Change of ownership and a new era (2021–present)

Unable to find a new owner, MLS took over the sales process on January 8, 2021, and RSL began the 2021 season with no defined ownership. [37] Despite a relatively good start to the season, head coach Freddy Juarez unexpectedly left his role on August 27 to become an assistant coach with Seattle Sounders FC, leaving his own assistant coach Pablo Mastroeni to see out the season as interim. [38] Under Mastroeni, the team made a late-season push to the playoffs, qualifying on the final day of the season through a stoppage-time goal by Damir Kreilach to give RSL a win over Sporting Kansas City. [39] Despite barely making the playoffs, the team progressed to the conference finals for the first time since 2013, upsetting both Seattle and Kansas City (interestingly, through another stoppage-time goal) before being defeated by the Portland Timbers. [40] [41] This success led to Mastroeni being named permanent head coach following the season. [42]

On January 5, 2022, Real Salt Lake was formally sold to a group led by David Blitzer, best known as a co-owner of the Philadelphia 76ers and Crystal Palace, and Utah Jazz owner Ryan Smith. [43] [44]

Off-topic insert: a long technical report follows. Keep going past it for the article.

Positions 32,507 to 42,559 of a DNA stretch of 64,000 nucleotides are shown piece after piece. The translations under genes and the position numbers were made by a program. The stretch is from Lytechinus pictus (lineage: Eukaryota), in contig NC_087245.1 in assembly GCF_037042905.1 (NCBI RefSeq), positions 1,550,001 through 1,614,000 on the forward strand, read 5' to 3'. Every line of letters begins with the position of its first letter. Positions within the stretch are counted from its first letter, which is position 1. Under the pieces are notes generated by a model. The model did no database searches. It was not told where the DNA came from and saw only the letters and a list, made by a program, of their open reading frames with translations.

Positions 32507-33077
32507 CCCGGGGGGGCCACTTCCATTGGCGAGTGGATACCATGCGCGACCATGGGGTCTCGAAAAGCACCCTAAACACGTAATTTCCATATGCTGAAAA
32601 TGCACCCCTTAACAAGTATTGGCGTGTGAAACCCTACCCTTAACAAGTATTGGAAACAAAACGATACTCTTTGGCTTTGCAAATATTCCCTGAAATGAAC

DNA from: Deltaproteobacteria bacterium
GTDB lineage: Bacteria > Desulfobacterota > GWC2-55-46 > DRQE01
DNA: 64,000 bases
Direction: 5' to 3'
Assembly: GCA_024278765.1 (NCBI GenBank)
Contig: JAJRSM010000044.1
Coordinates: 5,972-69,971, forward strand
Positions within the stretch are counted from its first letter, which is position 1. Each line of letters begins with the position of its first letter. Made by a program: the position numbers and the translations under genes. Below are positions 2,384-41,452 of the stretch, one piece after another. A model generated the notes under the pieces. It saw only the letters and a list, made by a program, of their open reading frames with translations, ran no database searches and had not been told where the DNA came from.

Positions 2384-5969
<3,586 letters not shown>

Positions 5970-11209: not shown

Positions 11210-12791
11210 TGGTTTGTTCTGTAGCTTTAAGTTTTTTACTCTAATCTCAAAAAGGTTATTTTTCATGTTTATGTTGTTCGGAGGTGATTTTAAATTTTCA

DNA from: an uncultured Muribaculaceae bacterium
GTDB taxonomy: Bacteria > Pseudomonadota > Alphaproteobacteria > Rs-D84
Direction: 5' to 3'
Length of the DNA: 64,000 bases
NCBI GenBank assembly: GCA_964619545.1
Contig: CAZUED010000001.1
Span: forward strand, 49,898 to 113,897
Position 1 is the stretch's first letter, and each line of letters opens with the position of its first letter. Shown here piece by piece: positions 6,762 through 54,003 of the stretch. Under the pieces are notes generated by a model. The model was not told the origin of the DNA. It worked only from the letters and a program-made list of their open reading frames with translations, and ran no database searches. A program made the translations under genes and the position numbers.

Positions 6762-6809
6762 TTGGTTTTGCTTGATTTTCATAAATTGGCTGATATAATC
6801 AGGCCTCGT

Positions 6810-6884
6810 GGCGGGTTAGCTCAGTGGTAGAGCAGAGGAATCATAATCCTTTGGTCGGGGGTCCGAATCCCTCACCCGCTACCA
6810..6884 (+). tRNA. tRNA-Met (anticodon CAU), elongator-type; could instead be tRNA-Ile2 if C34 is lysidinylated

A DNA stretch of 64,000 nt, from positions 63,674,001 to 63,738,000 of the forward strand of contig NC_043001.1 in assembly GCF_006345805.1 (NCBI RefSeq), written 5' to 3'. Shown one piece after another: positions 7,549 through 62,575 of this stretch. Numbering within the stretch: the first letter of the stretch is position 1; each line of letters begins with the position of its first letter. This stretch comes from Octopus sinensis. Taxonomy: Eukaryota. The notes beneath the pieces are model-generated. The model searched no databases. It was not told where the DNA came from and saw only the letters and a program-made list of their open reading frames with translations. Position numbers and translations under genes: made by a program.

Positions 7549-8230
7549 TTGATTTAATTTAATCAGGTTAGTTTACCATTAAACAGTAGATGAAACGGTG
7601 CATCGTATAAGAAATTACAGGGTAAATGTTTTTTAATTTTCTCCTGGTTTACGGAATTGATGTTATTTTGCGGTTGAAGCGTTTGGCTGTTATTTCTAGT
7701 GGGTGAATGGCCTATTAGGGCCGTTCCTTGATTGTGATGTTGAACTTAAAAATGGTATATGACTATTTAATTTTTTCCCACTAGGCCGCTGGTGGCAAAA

Colors and badge

The team's official colors are claret red, cobalt blue, and real gold. [45] [46]

Uniform evolution

Home, away, and third uniforms. [47] [48] [49]

Kit left arm RSL 05h.png
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2005
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2006–07
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2008–09
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2010–11
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2012–13
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2014–15
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2016–17
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2018–19
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2020–
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2005
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2006–07
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2008–09
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2010–11
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2012–14
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2015–16
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2017–18
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2019–20
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2021–
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2008
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2010–11
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2018

Stadium

America First Field has been RSL's home stadium since 2008. Rio Tinto Stadium.jpg
America First Field has been RSL's home stadium since 2008.
NameLocationYears in useCapacity
Rice-Eccles Stadium Salt Lake City, Utah 2005–200845,071
America First Field Sandy, Utah 2008–present20,213